Employers and others who work to support youth to thrive in the workforce, benefit from more effective offerings that better target young people and become more equitable and inclusive along the way.
Youth are experts on themselves. They know better than anyone what will resonate with them and what will likely fall flat. So, their participation in the design and co-creation of programs, policies and workplace practices is vital and invaluable to ensure they have the desired impact.
Before diving into the immense and unmatched value youth bring in this space, it’s important to note youth engagement needs to be authentic and meaningful to be truly impactful. Youth participation that lacks substance, is disingenuous or comes across as unwanted will lead to youth providing the responses they think their audience wants to hear – at best. At worst, it leads to complete disconnection.
You see, co-creation goes beyond youth consultation; It shares decision-making power with youth – acknowledging their ideas, skills and perspective as respected, appreciated and highly regarded in problem-solving and solution-finding.
Its imperative interaction engages youth as collaborators with an equal voice on decisions that affect them.
Now, back to the value youth bring. The list and benefits are plentiful and include:
Programs, policies and workplace practices meet the needs of youth. What is created reflects what youth value at work, better supporting recruitment and retention strategies. In today’s highly competitive market for a talented workforce, this alone is enough of a reason to dive into co-creation.
Loyalty, engagement and performance are increased. Again, it’s hard enough to find and keep talented folks with unemployment at near-record lows. Keeping those already within the ranks content is a big win.
New ideas and perspectives enrich the workplace. Diversity of thought cannot be underrated. Youth think differently. They bring new ideas, new perspectives and new ways of doing things – often more effectively and more efficiently. Giving them a seat at the proverbial table opens the door for shared brilliance.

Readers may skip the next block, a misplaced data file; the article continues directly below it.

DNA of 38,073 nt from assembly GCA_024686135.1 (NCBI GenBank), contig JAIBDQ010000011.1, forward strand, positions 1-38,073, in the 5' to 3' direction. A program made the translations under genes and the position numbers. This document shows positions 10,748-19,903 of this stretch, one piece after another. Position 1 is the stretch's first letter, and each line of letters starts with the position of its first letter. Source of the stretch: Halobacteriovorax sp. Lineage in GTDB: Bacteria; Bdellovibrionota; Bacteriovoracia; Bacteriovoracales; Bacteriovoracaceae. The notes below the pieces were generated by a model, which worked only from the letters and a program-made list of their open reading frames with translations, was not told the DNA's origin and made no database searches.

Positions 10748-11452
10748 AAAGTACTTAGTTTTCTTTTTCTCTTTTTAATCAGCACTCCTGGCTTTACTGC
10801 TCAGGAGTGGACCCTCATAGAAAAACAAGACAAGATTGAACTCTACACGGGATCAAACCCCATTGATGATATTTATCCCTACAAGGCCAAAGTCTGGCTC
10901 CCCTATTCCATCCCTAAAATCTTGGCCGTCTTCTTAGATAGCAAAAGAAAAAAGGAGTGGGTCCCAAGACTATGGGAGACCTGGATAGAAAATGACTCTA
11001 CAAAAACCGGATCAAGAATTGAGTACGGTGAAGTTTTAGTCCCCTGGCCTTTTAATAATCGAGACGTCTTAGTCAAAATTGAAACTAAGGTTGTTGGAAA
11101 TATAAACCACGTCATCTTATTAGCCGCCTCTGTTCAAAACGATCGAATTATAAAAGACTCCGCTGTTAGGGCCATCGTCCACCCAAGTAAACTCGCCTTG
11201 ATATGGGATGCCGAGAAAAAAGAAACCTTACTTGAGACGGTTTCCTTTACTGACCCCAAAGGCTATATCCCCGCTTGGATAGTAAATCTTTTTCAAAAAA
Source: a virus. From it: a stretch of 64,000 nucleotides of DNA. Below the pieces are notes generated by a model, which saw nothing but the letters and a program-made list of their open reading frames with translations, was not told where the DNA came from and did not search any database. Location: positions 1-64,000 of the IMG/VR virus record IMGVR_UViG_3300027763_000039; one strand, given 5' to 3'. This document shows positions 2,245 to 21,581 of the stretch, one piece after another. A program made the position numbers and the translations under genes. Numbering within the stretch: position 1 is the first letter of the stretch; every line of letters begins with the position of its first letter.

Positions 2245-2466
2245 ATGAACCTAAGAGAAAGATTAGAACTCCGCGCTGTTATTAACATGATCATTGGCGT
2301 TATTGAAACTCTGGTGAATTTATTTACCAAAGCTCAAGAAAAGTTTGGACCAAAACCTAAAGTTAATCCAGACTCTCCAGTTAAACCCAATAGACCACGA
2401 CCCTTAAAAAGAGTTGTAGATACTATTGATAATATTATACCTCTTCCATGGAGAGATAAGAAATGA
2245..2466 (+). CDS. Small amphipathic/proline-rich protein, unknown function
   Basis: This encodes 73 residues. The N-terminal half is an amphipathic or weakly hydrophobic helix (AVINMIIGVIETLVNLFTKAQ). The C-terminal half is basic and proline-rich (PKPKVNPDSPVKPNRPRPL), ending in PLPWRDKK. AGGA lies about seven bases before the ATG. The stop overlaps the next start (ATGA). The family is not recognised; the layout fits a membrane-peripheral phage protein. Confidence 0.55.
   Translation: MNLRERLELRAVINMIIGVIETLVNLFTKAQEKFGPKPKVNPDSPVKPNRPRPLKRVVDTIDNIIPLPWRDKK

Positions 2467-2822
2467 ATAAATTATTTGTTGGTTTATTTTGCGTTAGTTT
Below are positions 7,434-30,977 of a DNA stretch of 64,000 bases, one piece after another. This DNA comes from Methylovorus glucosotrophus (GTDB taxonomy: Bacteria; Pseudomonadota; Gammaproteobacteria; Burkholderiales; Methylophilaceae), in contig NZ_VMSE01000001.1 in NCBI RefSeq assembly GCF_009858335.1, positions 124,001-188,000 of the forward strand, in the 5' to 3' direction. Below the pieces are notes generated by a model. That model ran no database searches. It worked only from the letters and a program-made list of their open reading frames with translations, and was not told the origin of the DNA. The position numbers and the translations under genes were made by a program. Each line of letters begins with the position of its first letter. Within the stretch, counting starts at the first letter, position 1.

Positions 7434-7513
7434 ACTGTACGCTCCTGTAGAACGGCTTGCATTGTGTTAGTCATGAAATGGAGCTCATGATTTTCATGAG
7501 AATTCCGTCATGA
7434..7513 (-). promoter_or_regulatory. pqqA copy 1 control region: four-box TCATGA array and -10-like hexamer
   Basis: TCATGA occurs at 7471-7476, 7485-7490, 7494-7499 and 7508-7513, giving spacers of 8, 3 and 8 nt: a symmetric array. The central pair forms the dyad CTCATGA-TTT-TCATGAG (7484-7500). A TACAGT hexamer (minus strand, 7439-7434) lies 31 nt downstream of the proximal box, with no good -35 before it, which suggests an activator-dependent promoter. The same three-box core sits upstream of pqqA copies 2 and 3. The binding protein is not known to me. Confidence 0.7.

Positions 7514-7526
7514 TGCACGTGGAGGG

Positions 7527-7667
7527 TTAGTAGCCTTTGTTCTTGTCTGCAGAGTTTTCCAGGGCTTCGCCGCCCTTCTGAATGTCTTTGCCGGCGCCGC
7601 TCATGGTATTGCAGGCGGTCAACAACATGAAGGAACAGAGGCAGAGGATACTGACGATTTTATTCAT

Implementation is supported. Because youth are involved in design and creation, they’ll feel more ownership and become advocates for the desired outcomes.
The list goes on.
Employers and others who work to support youth to thrive in the workforce, benefit from more effective offerings that better target young people and become more equitable and inclusive along the way. Those involved in the process with youth are likely to experience a broadened perspective and greater understanding of what different generations value at work.
Youth benefit too. They gain new skills, increase knowledge, make new connections and are boosted by empowerment and esteem building.
There are many studies that tout the benefits of co-creation. Many note the need to bring in youth early and ensure a common understanding of goals. Doing so results in better, more relevant design. As well, it saves time, effort and money avoiding adaptation later to fix what isn’t working.
Young people want to be involved and often willingly and openly share their experiences and expertise with enthusiasm. As they should. After all, no one knows youth better than youth. Their unique perspective cannot be guessed or assumed. It can, however, be requested and welcomed to support innovative workplace solutions that flow naturally.